Published: Tue, June 12, 2018
Global | By Marsha Munoz

Trump upbeat ahead of NKorean summit; Kim visits Singapore sites

Trump upbeat ahead of NKorean summit; Kim visits Singapore sites

After months of tensions, trading barbs and uncertainty over whether they would meet at all, the much-anticipated summit between President of the United States Donald Trump and the supreme leader of North Korea, Kim Jong-un, is finally here.

The outcome may determine the fate of North Korea's nuclear programme.

TRT World's Oliver Whitfield-Miocic reports.

Kim has been more cryptic and calculating, with his regime vacillating between welcoming talks with the United States, ignoring American overtures, and sharply attacking some of Trump's top officials with insults and threats, said Patrick Cronin, director of the Center for a New America Security's Asia-Pacific security program.

North Korean-US Summit
Image credit ULI-PwC report

"I know Singapore is a very hot country, so I wish that our respected marshal stays healthy and comes back in good health". Trump has expressed some concern about China's influence.

North Korea, though, has shown little appetite for surrendering nuclear weapons it considers vital to the survival of Kim's dynastic rule.

"I think that I brought awareness to a lot of things around the world and I think North Korea has given a lot of people the opportunity to do this conference now and I hope it's a success".

Still, Dennis has strong feelings about how the meeting's gonna go down once Trump and Kim meet.

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"We've had multiple deals with North Korea", said Green, who served as director of Asian affairs for the National Security Council under President George W. Bush.

He joined Singapore's foreign minister, Vivian Balakrishnan, who tweeted a selfie with a smiling Kim and Singapore Education Minister Ong Ye Kung, against a backdrop of flowers with the hashtag #Guesswhere.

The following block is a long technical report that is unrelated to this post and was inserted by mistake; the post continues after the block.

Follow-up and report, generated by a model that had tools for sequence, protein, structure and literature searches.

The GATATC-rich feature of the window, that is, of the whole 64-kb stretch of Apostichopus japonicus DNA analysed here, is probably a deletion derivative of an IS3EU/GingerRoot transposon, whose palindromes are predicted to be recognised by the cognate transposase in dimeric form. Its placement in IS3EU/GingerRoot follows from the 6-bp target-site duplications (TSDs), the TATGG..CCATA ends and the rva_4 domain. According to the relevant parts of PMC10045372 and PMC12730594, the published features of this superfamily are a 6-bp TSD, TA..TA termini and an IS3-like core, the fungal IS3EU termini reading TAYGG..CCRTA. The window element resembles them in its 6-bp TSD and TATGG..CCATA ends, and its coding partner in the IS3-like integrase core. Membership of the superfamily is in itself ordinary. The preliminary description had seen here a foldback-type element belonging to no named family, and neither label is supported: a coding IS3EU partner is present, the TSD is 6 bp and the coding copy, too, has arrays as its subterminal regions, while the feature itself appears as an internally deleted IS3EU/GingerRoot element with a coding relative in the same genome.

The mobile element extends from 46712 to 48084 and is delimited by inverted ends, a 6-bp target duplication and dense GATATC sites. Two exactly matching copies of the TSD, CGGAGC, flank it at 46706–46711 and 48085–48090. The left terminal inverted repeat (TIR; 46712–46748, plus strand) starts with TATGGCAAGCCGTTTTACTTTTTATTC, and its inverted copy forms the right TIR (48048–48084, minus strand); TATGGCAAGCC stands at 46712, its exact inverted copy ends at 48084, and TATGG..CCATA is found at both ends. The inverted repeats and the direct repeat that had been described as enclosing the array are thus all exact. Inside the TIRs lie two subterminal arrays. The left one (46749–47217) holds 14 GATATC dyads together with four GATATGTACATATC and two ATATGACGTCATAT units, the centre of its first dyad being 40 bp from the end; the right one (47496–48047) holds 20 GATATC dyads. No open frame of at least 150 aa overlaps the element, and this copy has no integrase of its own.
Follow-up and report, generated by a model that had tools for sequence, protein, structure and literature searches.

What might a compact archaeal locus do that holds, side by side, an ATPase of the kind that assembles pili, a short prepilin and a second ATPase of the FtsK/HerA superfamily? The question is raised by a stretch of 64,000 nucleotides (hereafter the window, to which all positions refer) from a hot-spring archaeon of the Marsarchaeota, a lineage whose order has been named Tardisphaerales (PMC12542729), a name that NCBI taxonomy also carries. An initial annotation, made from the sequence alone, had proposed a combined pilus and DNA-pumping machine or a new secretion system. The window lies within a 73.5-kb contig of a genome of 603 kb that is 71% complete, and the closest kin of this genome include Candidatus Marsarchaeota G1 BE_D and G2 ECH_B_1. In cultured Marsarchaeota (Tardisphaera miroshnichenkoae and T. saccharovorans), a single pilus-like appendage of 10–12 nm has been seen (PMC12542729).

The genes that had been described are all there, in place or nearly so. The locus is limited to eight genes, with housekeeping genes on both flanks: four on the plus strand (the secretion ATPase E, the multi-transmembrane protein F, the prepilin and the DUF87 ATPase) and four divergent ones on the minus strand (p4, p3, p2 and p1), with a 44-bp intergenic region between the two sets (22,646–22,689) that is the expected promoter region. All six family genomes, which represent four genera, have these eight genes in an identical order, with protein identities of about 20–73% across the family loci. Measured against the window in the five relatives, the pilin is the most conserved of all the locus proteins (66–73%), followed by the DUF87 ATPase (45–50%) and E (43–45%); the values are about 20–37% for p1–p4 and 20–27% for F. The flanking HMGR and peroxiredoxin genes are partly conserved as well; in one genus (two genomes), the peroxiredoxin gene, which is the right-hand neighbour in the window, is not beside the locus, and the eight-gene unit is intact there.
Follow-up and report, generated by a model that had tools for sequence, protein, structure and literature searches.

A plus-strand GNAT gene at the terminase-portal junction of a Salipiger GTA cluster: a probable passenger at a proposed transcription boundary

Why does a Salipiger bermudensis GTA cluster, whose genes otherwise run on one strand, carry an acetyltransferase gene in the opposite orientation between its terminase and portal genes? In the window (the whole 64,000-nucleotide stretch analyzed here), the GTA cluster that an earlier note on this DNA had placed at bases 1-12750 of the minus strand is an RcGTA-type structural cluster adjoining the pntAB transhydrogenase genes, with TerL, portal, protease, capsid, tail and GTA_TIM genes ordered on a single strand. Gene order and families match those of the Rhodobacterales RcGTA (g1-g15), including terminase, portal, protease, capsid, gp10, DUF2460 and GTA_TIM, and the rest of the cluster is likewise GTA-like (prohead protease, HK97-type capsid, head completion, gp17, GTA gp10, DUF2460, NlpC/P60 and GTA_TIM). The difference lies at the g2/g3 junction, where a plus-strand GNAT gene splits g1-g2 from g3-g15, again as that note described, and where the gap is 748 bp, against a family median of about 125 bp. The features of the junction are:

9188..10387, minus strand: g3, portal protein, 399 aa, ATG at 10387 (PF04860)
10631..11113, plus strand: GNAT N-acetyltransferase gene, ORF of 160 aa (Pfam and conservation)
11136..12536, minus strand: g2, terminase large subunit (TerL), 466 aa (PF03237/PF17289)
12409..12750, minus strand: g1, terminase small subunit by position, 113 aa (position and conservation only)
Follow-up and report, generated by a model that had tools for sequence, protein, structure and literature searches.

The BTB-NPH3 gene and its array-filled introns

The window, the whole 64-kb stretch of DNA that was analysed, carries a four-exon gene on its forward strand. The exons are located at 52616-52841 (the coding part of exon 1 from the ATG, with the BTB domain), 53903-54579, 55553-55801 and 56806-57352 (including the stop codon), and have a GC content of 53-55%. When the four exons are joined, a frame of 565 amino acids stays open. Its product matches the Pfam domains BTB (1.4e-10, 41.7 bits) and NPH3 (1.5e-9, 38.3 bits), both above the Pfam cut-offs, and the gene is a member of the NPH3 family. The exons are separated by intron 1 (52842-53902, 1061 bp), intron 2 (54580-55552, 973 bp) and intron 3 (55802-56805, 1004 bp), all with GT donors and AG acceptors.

Those points were echoed in Monday's media coverage in North Korea, which stressed that the talks with Trump would focus on forging a relationship more in tune with what was described as changing times - most likely meaning the North's new status as a nuclear-armed state - and its desire for a mechanism to ensure lasting peace on the Korean Peninsula and, finally, denuclearisation.

He added that the South would have to provide the North with economic aid as the two were ultimately one people.

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The Rodong Sinmun, the mouthpiece of the Workers' Party, also featured his departure in a full-color two-page spread, declaring on the front page that he was leaving in a Chinese plane for a "historic summit" with the United States president. Kim's move was an encouraging sign, to be sure, but it was not an agreement on "denuclearization".

"The South can not simply afford to take care of the North economically", she said. "But cross-border exchanges and travels would be desirable". Trump and Kim lookalikes held a summit of their own at a local shopping mall, while one bistro is offering a libation known as the Trump-Kim "Bromance:" Beer, tequila, diet Coke and the Korean distilled rice liquor known as soju.

Other young South Koreans said they were too preoccupied with their search for work to pay attention to diplomacy.

Lee Do-kyu, also 27 and unemployed, said the recent inter-Korean summits had raised his interest in politics, but it had waned rapidly.

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